A White Working Mom With Black Children Is a Godsend for the GOP

Just imagine if that adoration was extended to other mothers of Black children.

Yuri Gripas/AP

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This week, the Senate Judiciary Committee is holding confirmation hearings for Supreme Court nominee Amy Coney Barrett, President Donald Trump’s pick to replace Justice Ruth Bader Ginsburg who died last month. Judge Barrett is being presented to the American public for a lifetime appointment to the Supreme Court as the pinnacle of white womanhood. A woman with seven kids, two of whom are Black, and still manages to hold down a job is being exalted for her superhuman accomplishments.

For Trump and the Republican Party, who are never too far away from being legitimately accused of racism or sexism, a white working mother with Black children is a godsend, a status that protects her from criticism like a force field. But despite the endless stream of praise and adulation from conservatives, being a privileged white woman with Black kids hasn’t made Barrett immune to racism—it’s made her completely blind to it.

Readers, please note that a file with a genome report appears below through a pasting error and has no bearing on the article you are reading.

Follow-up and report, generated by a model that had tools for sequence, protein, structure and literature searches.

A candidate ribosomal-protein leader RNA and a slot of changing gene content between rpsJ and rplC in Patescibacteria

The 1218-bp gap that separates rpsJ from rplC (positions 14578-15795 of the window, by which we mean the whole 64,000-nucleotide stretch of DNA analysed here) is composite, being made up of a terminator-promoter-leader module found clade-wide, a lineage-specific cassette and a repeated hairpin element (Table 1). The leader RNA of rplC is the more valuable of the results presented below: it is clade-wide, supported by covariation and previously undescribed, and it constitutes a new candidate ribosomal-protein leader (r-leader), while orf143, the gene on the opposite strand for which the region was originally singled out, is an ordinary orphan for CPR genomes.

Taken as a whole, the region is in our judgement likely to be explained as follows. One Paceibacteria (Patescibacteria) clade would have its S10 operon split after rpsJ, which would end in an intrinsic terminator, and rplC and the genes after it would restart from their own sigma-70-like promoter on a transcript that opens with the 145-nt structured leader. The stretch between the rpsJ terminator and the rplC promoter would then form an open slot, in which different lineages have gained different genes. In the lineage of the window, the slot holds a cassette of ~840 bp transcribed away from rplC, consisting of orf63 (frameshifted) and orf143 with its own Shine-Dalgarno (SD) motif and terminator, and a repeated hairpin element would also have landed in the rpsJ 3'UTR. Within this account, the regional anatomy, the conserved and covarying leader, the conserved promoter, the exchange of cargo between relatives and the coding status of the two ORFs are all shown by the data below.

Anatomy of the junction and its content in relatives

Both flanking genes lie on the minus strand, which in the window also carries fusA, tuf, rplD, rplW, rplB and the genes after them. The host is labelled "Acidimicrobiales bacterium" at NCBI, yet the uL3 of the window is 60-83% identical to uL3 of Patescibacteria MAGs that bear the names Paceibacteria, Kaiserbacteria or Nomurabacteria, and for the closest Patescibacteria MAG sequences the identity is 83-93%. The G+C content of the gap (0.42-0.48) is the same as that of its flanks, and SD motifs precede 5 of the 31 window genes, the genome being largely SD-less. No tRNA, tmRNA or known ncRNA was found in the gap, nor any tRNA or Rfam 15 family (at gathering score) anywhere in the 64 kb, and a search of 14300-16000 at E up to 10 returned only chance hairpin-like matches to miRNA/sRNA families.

Part of the problem is the limited understanding of what racism, sexism, and feminism really means. After being co-opted by corporations looking to cash-in on all those empowered feelings, feminism often has been stripped down to simply mean “if a woman does it, it is good.” And too many people still believe that as long as they’re not an active member of the Ku Klux Klan, they couldn’t possibly be racist.

The low threshold means that Barrett can use her Black children to deflect any criticism about her approach to racial justice issues, and the very fact that she’s a working mother indicates she embodies a triumph of feminism. Despite spending decades pushing for policies that actively harm Black people like undoing housing discrimination protections, and policies that relentlessly undermine women’s reproductive rights, the GOP’s presentation of this nicely-dressed version of racism and sexism allows them to sleep well at night, secure in a lifetime appointment to the Supreme Court. In turn, when any liberal or Democrat asks questions about race or gender, conservatives’ pearls are never far from being clutched. How dare you? She has Black kids! It’s the new iteration of, “I have a Black friend.” By the same logic, a man can’t be sexist if he has daughters. (How many times have we heard that one?)